If teenagers wanted to be like adults they wouldn't be shoplifting nailpolish from drugstores or hanging off overpasses to spray I LOVE YOU LISA on the arch. If they really aspired to "mature status" they would be doing boring adult things like sorting the laundry and figuring out their income taxes. Teenagers aren't tring to be like adults: they are trying to distinguish themselves from adults.But I don't think that critique makes much sense. Harris would probably agree that some people would like to be like Hollywood stars, but that doesn't mean they dream of learning lines from screenplays by heart. They want to drive big cars and wear expensive dresses. They only want the fun parts. Likewise, teenagers want the nice parts of adulthood (like money and booze), but not the others (laundry, tax forms).
But that doesn't distinguish teenagers from others: who doesn't want nice things? The core idea of Moffitt's theory is that teenagers are adults biologically, but children socially ("maturity gap"). And it is not other teenagers or children who treat teenagers like children, it is the adults. To use Harris's own, somewhat exaggerated, metaphor, adults are to teenagers as prison wardens are to prisoners. And I think it's fair to say that prisoners want to be like prison wards in terms of holding the power, but that doesn't mean they're going to go and imitate everything the prison wardens do.
On the contrary: that would be brown-nosing. Instead, what you want to do as a prisoner to signal your power is defy the wardens as often as you can. Likewise, if a teenager wants to signal to his peers that he has power, he ought to do lots of things that adults don't want him to do. That's why it makes sense to steal even stuff you don't want, as is common among delinquents. Much human behaviour that otherwise doesn't seem to make a lot of sense, I submit, can be understood as signaling power, the ability to have one's way even in the face of opposition**.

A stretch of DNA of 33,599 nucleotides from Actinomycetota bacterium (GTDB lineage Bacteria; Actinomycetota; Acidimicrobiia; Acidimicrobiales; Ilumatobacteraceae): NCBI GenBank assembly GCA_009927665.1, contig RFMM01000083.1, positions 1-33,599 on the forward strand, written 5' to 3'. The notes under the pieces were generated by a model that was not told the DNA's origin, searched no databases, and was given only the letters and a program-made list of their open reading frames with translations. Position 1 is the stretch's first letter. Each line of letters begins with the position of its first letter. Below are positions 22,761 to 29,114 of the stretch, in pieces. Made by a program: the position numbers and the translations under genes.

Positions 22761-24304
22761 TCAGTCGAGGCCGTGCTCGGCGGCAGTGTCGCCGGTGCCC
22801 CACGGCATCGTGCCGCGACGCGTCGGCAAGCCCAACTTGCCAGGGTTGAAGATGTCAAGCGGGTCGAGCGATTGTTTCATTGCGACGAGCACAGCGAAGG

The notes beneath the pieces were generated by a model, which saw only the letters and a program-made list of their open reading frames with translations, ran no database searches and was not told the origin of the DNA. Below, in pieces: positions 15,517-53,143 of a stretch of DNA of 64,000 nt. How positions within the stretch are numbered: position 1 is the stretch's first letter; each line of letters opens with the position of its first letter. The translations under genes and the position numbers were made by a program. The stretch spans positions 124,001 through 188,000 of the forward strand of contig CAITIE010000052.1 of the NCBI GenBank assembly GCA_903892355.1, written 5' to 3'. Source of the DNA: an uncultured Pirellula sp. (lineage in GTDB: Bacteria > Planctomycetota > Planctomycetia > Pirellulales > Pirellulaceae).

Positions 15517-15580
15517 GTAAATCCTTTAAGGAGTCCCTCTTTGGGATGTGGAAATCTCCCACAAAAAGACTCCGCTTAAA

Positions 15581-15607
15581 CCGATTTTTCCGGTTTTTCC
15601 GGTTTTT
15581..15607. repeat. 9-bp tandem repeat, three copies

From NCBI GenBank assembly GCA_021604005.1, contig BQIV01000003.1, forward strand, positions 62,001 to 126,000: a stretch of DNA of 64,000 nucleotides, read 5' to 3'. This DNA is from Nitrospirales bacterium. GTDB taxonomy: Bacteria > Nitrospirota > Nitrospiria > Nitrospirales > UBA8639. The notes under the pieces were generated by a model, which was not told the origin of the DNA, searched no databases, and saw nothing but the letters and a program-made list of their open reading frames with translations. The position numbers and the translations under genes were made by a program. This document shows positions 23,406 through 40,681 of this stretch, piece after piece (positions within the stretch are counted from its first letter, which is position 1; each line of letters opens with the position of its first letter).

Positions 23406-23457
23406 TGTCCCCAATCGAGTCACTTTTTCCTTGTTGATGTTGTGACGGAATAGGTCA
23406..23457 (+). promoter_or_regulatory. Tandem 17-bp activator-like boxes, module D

Andy McKenzie has submitted the view that those behaviours are seen as cool that "emphasize short run outcomes over long term outcomes". I think that's true, but it's only a special case of a broader theory. These behaviours, I think, are seen as cool because they signal that you're not intimidated by the negative consequences of your behaviour, such as ruining your teeth when you use them to open a bottle. (The authority you're defying in this case is nature.) For teens, there's an additional payoff: adults want them to behave in a far-sighted manner. This explains why both adults and teens enjoy not thinking about long-term consequences, but teens more so. It also suggests teens shouldn't do the laundry even if they enjoy it: adults certainly wouldn't mind.
The view of teenage cool as emphasizing short-run outcomes vs. being disapproved by adults are not that easy to test against each other because the two typically go together. But I predict that at given levels of shortsightedness, things will be seen as more cool the more adults disapprove of them. Or perhaps it's adult disapproval of behaviour by teens divided by adult disapproval of same behaviour by adults. I'm not sure which.
*The Nurture Assumption, p. 264
**My loose translation of Max Weber's famous definition